The balloon ultimately attained an altitude of 90,000 feet, moving upward of 150 mph. It’s entire flight was tracked on a PC hooked to a ham radio. 

    The role of Ham Radio was major.  Amateur Radio provided the tracking technology, APRS, Domino, Hellschreiber and CW.  The radio transmitters were operating on VHF 2 transmitters, HF, 1 transmitter.  The Coosa Valley Amateur Radio Association provided fund raising and technical support. 

    For videos and more photos visit the Pell City High School Radio Club website.

  • Blast Off! Space Day at West Side Elementary in Zion, Illinois

    "It was refreshing to see science integrated so successfully with the entire core curriculum. As Dr Ahlgrim notes, “This simulation is such a great example of the power of applied learning for our students. The applications of math, science, physical fitness, problem solving, team building and leadership are so evident in this simulation. The realization that many of the skills that are developed in classrooms everyday are the same skills that our NASA heroes need to explore our solar system is really pretty fantastic.”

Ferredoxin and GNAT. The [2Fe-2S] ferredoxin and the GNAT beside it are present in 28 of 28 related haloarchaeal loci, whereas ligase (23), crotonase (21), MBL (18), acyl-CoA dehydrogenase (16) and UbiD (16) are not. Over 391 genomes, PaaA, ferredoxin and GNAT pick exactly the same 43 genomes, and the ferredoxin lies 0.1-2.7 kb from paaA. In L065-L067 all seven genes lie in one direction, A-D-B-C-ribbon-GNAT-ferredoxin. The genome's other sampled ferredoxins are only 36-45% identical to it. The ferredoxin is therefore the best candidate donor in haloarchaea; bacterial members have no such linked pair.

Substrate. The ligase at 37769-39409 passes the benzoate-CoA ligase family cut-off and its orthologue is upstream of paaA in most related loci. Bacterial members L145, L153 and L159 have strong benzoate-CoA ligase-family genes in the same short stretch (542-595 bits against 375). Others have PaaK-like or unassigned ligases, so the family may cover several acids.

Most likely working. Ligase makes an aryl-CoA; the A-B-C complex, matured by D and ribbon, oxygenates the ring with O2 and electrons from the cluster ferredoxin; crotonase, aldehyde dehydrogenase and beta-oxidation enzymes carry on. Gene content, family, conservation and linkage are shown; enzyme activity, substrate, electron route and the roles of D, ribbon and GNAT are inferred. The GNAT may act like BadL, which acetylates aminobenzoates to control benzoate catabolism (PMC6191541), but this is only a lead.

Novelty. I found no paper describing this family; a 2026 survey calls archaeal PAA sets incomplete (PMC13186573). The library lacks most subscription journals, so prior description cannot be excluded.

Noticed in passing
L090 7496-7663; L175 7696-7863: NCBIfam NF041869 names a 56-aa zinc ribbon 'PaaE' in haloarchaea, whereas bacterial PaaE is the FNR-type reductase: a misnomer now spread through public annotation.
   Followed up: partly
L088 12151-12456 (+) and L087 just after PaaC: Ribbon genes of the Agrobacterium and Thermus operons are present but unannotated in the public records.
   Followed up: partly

Read more.
    Learn More

  • Tarleton University Students Build a Radio Telescope

  • The Next Gen Hams: Its Elementary

    Fourth grade students at Boulder Hill Elementary prepare for an ARISS contact and learn a lot about radio communications with the help of their local Amateur Radio club.
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  • Wilson High Hams Build an EmComm Team

     Wilson High School teacher, Devon Day KF6KEE in Long Beach, CA receives resources and support from ARRL and the local Amateur Radio community to license, train and engage students in the local ham radio emergencyWilson_AREC_team_sunday_morning_after_Field_Day.jpg communications infrastructure.